* The backstory concerning the decline of Gondor has a nomadic people called the Wain-Riders come out of the East perhaps twelve hundred years before the War of the Ring. They are horsemen whose primitive dwellings are built onto carts - ''wains'' in archaic English - who run rings around the infantry of Gondor. Tolkein appears to be describing the mongols, or a people like them, here. The families coming up behind Ghengiz Khan's armies loaded their ''yurt'' dwellings onto carts to make their dwelling places more portable so as to better follow the armies.
4th Mar '16 3:02:21 AM FurryKef
Is there an issue? Send a Message


*** And while less spiritually true to this trope but literally fitting it, there are times when the "hordes" are numerous but from an otherwise "developed" culture using a superior population to expand against its' weaker neighbors. The other realms of Indonesia in the way of Majaphit, the peoples of Central Asia ([[HoistByTheirOwnPetard who would normally be the source of this trope]]) in the way of the Song Chinese, and the Chinese of the UsefulNotes/SecondSinoJapaneseWar probably wouldn't have cared that the hordes attacking them were from complex and settled societies.

to:

*** And while less spiritually true to this trope but literally fitting it, there are times when the "hordes" are numerous but from an otherwise "developed" culture using a superior population to expand against its' its weaker neighbors. The other realms of Indonesia in the way of Majaphit, the peoples of Central Asia ([[HoistByTheirOwnPetard who would normally be the source of this trope]]) in the way of the Song Chinese, and the Chinese of the UsefulNotes/SecondSinoJapaneseWar probably wouldn't have cared that the hordes attacking them were from complex and settled societies.
7th Feb '16 10:20:36 AM nombretomado
Is there an issue? Send a Message


* [[TheCrusades The Crusader armies]], from the Muslim point of view (despite having come from the West). Though the first Crusade began when the Muslim armies conquered Jerusalem.

to:

* [[TheCrusades [[UsefulNotes/TheCrusades The Crusader armies]], from the Muslim point of view (despite having come from the West). Though the first Crusade began when the Muslim armies conquered Jerusalem.
23rd Jan '16 10:22:56 AM LordGro
Is there an issue? Send a Message

Added DiffLines:

[[AC:Live-Action TV]]
* ''Series/MontyPythonsFlyingCircus'': Invoked (with humorous intentions) in the opening narration of episode "The Attila the Hun Show":
-->''"In the 5th century, as the once mighty Roman Empire crumbled, the soft underbelly of Western Europe lay invitingly exposed to the barbarian hordes to the East: Alaric the Visigoth, Gaiseric the Vandal, and Theoderic the Ostrogoth in turn swept westward in a reign of terror. But none surpassed in power and cruelty the mighty--Attila the Hun. ... Ladies and gentlemen, it's The Attila the Hun Show!"''
21st Jan '16 8:36:21 AM LordInsane
Is there an issue? Send a Message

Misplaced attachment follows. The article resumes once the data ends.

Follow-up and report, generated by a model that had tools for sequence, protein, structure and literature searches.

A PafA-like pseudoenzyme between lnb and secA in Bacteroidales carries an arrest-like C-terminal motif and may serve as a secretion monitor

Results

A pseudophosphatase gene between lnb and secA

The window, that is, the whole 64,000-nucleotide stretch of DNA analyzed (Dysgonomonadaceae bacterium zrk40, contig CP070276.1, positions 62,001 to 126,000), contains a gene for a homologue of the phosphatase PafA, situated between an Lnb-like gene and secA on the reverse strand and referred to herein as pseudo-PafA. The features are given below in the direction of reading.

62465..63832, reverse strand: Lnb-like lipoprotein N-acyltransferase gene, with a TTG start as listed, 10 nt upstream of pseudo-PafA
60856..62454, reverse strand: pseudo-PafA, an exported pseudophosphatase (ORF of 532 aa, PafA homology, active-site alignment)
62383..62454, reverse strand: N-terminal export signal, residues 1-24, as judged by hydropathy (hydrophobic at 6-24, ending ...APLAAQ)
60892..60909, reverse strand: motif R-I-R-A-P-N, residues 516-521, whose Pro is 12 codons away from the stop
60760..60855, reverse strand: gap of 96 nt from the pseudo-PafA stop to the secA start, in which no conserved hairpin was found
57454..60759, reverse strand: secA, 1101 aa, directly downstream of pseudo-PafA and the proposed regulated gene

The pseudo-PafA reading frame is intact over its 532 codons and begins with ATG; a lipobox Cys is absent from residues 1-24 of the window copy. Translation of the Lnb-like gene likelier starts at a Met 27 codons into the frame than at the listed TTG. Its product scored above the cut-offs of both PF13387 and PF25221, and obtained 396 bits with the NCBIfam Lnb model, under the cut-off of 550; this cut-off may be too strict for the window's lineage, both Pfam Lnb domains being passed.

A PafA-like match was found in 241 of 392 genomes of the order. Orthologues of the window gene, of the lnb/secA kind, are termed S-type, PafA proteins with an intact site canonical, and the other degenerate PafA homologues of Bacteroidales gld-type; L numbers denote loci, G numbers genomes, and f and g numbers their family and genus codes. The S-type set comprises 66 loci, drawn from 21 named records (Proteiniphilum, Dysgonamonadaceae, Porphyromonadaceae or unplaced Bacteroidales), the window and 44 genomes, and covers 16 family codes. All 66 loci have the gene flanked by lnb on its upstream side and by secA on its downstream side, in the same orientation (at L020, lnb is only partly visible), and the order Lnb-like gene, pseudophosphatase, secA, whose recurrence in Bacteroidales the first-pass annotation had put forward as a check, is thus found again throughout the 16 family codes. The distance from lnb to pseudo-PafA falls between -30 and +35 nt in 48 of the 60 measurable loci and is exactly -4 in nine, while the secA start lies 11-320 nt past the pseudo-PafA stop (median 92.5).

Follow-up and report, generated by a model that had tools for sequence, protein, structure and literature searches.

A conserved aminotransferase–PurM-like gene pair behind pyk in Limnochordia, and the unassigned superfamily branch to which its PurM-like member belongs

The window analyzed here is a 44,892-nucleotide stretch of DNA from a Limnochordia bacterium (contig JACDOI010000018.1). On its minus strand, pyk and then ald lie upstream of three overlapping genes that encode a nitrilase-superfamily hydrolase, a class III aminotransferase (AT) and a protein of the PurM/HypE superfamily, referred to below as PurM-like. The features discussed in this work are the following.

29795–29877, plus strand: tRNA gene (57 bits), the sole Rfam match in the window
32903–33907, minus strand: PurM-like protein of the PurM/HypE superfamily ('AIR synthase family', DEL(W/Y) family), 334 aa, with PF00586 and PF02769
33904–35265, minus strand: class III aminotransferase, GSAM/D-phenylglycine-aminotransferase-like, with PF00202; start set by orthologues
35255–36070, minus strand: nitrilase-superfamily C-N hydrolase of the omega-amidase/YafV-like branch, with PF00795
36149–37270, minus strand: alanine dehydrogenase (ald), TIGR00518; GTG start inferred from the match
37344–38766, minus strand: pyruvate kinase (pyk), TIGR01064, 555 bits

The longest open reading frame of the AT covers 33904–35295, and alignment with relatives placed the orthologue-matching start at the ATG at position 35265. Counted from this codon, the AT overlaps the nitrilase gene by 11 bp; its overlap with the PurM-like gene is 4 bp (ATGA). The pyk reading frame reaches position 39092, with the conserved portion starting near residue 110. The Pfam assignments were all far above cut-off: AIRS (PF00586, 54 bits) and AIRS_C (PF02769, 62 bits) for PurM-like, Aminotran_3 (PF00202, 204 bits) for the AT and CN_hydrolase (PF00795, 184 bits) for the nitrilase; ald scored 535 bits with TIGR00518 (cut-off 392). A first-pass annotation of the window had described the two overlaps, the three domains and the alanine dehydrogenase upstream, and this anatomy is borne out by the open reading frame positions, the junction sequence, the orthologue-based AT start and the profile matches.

** {{Inverted}} with the [[SillinessSwitch Sunset Invasion]] {{DLC}} where the Aztecs invade Europe from across the Atlantic Ocean.

to:

** {{Inverted}} with the [[SillinessSwitch Sunset Invasion]] {{DLC}} where the Aztecs invade Europe from across the Atlantic Ocean. In fact, inverting it was one of the points of the DLC -- while usually historicity was a greater concern than balance, going ahistorical for a while meant that (if the DLC is used, of course) western European lords no longer have the advantage over their eastern European counterparts that there isn't a rampaging horde a'coming for them.
12th Jan '16 5:14:58 PM nombretomado
Is there an issue? Send a Message


* The Dragonkin in ''{{Runescape}}'' are an example of this. Movario describes them as evil bird spirits of the East. When they ravaged the plane of Kethsi, a manuscript found thousands of years later by the player says they appeared in the East ([[FridgeLogic which is odd since Kethsi is almost certainly a round planet]] in the same solar system as [[GodOfGood Arm]][[WingedHumanoid adyl's]] home planet). When they finally appear in game, the player finds them ravaging a pirate island on the Eastern fringes of the world map.

to:

* The Dragonkin in ''{{Runescape}}'' ''VideoGame/{{Runescape}}'' are an example of this. Movario describes them as evil bird spirits of the East. When they ravaged the plane of Kethsi, a manuscript found thousands of years later by the player says they appeared in the East ([[FridgeLogic which is odd since Kethsi is almost certainly a round planet]] in the same solar system as [[GodOfGood Arm]][[WingedHumanoid adyl's]] home planet). When they finally appear in game, the player finds them ravaging a pirate island on the Eastern fringes of the world map.
9th Dec '15 2:54:31 AM direguy
Is there an issue? Send a Message

Added DiffLines:

** In VII they resemble desert nomads and raiders, fighting or fleeing from other factions who want to re-enslave them.
This list shows the last 10 events of 127. Show all.
http://tvtropes.org/pmwiki/article_history.php?article=Main.HordesFromTheEast